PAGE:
The arguments which defendants have advanced in support of their motion for change of venue are directed primarily toward a motion under § 1404(a), viz., all defendants, both corporate and individual, are citizens of the State of Alabama and the action could have been brought in the Northern District of Alabama; all of the witnesses whose testimony will be material and necessary to defendants' case reside in the Northern District of Alabama; and all books and records of the corporate defendants are located in the Northern District of Alabama. Transfer under this section is warranted only if such transfer is both for the convenience of *831 parties and witnesses, and in the interest of justice. The court has broader discretion to transfer under the statute than it had under the old common law forum non conveniens doctrine, and it may grant transfer upon a lesser showing of inconvenience than was required under the doctrine.[2] In making its decision, however, it may take into account only the three factors provided by the statute, i. e., convenience of parties, convenience of witnesses, and interests of justice.[3]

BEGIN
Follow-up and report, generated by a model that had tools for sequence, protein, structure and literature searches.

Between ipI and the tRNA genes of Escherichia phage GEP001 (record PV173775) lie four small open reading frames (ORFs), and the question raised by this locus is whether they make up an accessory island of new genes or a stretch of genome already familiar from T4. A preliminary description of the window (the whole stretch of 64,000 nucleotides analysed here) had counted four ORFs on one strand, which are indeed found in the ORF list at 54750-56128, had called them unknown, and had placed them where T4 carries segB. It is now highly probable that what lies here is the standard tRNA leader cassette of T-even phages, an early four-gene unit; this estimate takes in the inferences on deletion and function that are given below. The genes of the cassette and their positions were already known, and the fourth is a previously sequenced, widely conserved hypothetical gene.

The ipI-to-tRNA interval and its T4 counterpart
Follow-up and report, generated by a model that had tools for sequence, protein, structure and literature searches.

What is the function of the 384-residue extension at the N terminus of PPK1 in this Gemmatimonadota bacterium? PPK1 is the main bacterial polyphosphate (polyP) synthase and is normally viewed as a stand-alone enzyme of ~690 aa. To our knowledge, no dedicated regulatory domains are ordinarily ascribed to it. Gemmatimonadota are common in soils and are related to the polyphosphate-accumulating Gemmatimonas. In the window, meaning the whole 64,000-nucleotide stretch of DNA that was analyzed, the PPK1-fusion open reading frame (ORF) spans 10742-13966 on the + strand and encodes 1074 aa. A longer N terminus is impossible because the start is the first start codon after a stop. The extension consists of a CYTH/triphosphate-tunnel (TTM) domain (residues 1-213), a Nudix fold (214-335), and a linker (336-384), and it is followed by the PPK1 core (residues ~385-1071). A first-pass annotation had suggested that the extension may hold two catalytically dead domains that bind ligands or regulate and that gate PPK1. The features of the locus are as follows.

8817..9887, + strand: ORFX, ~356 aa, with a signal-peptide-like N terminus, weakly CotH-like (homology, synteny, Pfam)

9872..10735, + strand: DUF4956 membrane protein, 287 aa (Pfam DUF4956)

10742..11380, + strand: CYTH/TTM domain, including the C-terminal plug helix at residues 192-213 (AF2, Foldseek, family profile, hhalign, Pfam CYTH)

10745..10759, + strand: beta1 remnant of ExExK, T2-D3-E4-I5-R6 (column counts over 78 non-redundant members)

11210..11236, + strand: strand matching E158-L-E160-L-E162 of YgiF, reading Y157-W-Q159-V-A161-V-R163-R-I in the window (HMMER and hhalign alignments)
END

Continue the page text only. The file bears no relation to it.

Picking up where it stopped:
The movant has the burden of making a strong case for transfer and if the transfer would merely shift inconvenience from one party to the other, or if the balance of all factors is but slightly in favor of the movant, plaintiff's choice of forum should not be disturbed and transfer should be denied.[4]

A review of the cases reveals a number of criteria which should be considered in determining whether the relevant factors require or permit transfer. Great weight should be given to (1) plaintiff's choice of forum, especially if the one he chose is in the district in which he resides;[5] (2) a showing that the witnesses who would be inconvenienced are key witnesses and their testimony cannot be effectively presented by depositions. (In order to show this the movant must list names and addresses of witnesses and the nature of their testimony, the necessity of their testimony to his case, and why he cannot properly present his case by using their depositions);[6] and (3) whether other actions invoking the same or substantially similar subject matter are pending in the transferee district.[7]

Criteria here relevant which are generally conceded to be entitled to consideration but not accorded great weight include: the parties' relative financial ability to undertake a trial in any particular forum;[8] relative congestion of the dockets in the respective districts so that an earlier trial would be obtained in one or the other districts;[9] whether the motion to transfer was timely; the advantage of having the case decided by a court sitting in the state whose substantive law governs the action;[10] and where the actions out of which the controversy arose occurred, especially if they did so in the state in which suit was filed.[11]